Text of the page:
This is not Nate Pederson. This is James Billington, former Librarian of Congress.
I'd put the photo of Pederson from AoM up here, but there's that copyright thing.I like his response to one of the questions:
What is the best part of your job?
"The fact that every single day I go home from work having made someone’s life just a little bit better. That can be as simple as finding a good book to read or as complex as helping someone finally land a job after hovering at the edge of homelessness."
As an academic librarian, I don't get to help people recover from unemployment and homelessness, but I do get to help students get un-stuck when their research process grinds to a halt, or when they can't find a resource they remember hearing about, but they don't know what it was called. That's a good feeling. It was among the reasons why I decided to get involved with the Roaming Librarian initiative - bringing our skills to bear right where the students are.
I'm responsible for placing orders to replace books that have been lost from our collection (and boy does that happen a lot); and while the process is tedious, it is a satisfying feeling to know that books which our patrons want are getting back on the shelf to be used. Directly or indirectly, every day I make research possible - the research that turns our students into educated degree-holders ready to go out into the world and make a difference.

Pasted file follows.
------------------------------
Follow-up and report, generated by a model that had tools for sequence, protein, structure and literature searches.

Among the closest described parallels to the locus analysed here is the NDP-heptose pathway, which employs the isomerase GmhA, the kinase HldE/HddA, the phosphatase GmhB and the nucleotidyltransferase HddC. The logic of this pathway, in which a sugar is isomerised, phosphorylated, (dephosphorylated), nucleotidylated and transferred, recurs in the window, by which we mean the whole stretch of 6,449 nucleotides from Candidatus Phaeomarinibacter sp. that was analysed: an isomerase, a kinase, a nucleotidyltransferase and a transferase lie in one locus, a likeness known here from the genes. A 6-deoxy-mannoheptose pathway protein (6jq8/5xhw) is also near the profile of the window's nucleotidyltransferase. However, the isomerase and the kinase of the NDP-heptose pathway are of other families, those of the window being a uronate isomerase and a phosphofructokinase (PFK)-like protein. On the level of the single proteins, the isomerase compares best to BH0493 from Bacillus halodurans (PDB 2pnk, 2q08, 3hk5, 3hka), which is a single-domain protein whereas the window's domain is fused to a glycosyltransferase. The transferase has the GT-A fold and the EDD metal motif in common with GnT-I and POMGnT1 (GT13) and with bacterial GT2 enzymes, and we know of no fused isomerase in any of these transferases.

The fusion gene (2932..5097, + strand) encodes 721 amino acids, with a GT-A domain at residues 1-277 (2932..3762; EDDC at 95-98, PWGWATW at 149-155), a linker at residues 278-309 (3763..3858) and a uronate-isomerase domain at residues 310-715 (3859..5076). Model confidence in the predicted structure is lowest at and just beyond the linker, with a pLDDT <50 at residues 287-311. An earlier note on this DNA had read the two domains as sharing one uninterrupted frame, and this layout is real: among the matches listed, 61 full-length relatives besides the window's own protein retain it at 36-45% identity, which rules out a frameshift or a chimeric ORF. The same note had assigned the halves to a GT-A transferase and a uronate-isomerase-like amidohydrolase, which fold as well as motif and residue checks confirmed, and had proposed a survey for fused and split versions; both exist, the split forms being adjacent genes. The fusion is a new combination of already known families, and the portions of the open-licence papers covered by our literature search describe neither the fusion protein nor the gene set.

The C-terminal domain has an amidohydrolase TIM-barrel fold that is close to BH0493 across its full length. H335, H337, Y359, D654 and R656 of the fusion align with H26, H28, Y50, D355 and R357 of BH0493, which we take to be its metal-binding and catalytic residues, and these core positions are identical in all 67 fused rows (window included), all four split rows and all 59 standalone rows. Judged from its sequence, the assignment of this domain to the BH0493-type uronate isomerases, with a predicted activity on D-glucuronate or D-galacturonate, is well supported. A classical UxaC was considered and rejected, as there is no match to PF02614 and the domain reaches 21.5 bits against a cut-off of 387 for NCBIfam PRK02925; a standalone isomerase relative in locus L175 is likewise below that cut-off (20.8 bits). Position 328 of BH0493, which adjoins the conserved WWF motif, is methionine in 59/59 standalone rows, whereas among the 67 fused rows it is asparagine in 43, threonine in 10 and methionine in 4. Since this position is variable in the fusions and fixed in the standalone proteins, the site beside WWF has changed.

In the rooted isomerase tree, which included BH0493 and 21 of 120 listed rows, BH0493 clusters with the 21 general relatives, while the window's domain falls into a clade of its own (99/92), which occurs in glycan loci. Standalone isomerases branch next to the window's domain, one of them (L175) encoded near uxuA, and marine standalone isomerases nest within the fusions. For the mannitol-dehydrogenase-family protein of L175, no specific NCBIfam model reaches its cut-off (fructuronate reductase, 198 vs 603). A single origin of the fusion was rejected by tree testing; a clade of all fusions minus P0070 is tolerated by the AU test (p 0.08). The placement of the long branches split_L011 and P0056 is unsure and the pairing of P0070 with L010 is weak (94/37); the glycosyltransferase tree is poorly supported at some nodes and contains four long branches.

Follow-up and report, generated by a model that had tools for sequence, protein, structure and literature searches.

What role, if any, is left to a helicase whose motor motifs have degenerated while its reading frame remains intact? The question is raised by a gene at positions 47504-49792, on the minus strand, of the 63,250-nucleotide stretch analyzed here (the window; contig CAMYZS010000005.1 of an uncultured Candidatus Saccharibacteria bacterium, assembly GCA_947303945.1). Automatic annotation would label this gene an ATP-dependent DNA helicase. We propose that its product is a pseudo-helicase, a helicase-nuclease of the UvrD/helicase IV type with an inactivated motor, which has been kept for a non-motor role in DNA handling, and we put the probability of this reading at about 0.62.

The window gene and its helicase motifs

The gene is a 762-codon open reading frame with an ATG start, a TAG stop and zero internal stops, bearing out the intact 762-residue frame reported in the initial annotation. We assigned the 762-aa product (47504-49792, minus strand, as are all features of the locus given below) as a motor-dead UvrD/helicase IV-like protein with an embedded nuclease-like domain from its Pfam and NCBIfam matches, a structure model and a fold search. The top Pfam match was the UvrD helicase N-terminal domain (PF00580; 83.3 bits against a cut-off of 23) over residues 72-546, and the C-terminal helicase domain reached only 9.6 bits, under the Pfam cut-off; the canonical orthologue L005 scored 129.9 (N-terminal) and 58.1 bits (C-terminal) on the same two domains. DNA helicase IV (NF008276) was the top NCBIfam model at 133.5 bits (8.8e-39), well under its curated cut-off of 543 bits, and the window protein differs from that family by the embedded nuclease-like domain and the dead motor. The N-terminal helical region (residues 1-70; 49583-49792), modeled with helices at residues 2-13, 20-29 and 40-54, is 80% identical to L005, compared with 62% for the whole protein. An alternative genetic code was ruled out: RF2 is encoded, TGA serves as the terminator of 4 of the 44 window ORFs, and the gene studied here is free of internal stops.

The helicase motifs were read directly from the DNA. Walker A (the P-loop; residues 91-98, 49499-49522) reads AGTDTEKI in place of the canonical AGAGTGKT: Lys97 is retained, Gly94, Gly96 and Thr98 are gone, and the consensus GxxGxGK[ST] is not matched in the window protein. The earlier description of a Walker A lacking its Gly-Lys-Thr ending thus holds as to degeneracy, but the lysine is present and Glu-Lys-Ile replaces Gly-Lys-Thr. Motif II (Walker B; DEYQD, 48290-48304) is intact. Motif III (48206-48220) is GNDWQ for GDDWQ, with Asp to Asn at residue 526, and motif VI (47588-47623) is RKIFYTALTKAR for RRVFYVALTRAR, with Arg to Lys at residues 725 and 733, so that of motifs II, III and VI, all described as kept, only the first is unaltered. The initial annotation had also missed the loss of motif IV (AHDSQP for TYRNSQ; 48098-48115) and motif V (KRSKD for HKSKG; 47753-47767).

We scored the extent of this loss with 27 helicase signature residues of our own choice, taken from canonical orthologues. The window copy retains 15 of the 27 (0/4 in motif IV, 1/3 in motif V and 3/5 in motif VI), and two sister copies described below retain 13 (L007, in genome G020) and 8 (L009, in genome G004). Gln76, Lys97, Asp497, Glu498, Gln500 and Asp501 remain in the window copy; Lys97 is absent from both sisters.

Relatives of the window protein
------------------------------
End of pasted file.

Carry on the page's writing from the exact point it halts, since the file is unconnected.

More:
I agree with his thoughts about the library continuing to be a vital part of a community (public or academic) and successfully navigating the ever-changing world of information technology. Heavens, in my working life we've gone from databases on CD-ROM (remember those?) to multi- or unlimited user access databases online with decades of journal backfiles; and all of these can be accessed with a 1 pound tablet computer, as opposed to the desktop dinosaurs that were the best thing going when I was in library school. Despite the popularity of e-books, and their seemingly ever-increasing accessibility, print books aren't fading away. But whatever form the book takes; an old library director used to call that the 'can', while the information was the 'tomatoes'; librarians will be able to connect people with the knowledge they seek.